Metal accumulation by plants : evaluation of the use of plants in stormwater treatment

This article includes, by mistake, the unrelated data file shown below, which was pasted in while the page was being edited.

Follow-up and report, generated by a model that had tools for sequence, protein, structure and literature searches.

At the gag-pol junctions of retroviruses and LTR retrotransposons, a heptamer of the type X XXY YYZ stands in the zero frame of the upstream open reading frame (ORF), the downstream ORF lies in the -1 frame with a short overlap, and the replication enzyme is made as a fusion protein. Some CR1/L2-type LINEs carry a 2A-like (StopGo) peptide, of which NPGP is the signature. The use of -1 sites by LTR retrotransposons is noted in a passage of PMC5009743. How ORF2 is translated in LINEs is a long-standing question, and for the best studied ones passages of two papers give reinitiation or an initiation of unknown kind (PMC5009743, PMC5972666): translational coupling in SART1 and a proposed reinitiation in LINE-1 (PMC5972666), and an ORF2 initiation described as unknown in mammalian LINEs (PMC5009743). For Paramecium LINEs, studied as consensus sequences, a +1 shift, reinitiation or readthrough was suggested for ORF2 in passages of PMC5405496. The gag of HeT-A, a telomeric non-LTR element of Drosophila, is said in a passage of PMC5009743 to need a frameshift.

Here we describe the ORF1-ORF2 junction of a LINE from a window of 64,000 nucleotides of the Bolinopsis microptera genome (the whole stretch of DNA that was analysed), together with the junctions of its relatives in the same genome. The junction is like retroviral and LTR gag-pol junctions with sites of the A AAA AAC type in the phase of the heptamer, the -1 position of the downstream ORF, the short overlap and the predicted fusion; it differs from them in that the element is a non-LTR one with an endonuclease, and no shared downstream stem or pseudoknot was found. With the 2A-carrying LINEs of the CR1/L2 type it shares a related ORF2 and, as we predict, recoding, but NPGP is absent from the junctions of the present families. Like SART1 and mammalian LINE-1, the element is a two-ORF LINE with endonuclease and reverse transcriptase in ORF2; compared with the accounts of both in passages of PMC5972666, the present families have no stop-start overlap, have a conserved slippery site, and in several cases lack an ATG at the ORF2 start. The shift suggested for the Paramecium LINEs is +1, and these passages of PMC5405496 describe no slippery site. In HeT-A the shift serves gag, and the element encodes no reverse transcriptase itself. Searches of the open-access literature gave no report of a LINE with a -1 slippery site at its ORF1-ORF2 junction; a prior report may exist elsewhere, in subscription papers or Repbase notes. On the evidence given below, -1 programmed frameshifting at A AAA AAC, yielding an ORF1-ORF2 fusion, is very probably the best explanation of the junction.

Sammanfattning: Metal contaminated stormwater, i.e. surface runoff in urban areas, can be treated in percolation systems, ponds, or wetlands to prevent the release of metals into receiving waters. Plants in such systems can, for example, attenuate water flow, bind sediment, and directly accumulate metals. By these actions plants affect metal mobility. This study aimed to examine the accumulation of Zn, Cu, Cd, and Pb in roots and shoots of plant species common in stormwater areas. Furthermore, submersed plants were used to examine the fate of metals: uptake, translocation, and leakage. Factors known to influence metal accumulation, such as metal ion competition, water salinity, and temperature, were also examined. The following plant species were collected in the field: terrestrial plants – Impatiens parviflora, Filipendula ulmaria, and Urtica dioica; emergent plants – Alisma-plantago aquatica, Juncus effusus, Lythrum salicaria, Sagittaria sagittifolia, and Phalaris arundinacea; free-floating plants – Lemna gibba and Lemna minor; and submersed plants – Elodea canadensis and Potamogeton natans. Furthermore, the two submersed plants, E. canadensis and P. natans, were used in climate chamber experiments to study the fate of the metals in the plant–water system.Emergent and terrestrial plant species accumulated high concentrations of metals in their roots under natural conditions but much less so in their shoots, and the accumulation increased further with increased external concentration. The submersed and free-floating species accumulated high levels of metals in both their roots and shoots. Metals accumulated in the shoots of E. canadensis and P. natans derived mostly from direct metal uptake from the water column.The accumulation of Zn, Cu, Cd, and Pb in submersed species was in general high, the highest concentrations being measured in the roots, followed by the leaves and stems, E. canadensis having higher accumulation capacity than P. natans. In E. canadensis the Cd uptake was passive, and the accumulation in dead plants exceeded the of living with time. The capacity to quickly accumulate Cd in the apoplast decreased with successive treatments. Some of the Cd accumulated was readily available for leakage. In P. natans, the presence of mixtures of metal ions, common in stormwater, did not alter the accumulation of the individual metals compared to when presented separately. It is therefore, proposed that the site of uptake is specific for each metal ion. In addition cell wall-bound fraction increased with increasing external concentration. Further, decreasing the temperature from 20ºC to 5ºC and increasing the salinity from 0‰ to 5‰ S reduced Zn and Cd uptake by a factor of two.In P. natans the metals were not translocated within the plant, while in E. canadensis Cd moved between roots and shoots. Thus, E. canadensis as opposed to P. natans may increase the dispersion of metals from sediment via acropetal translocation. The low basipetal translocation implies that neither E. canadensis nor P. natans will directly mediate the immobilisation of metal to the sediment via translocation.To conclude, emergent and terrestrial plant species seem to enhance metal stabilization in the soil/sediment. The submersed plants, when present, slightly increase the retention of metals via shoot accumulation.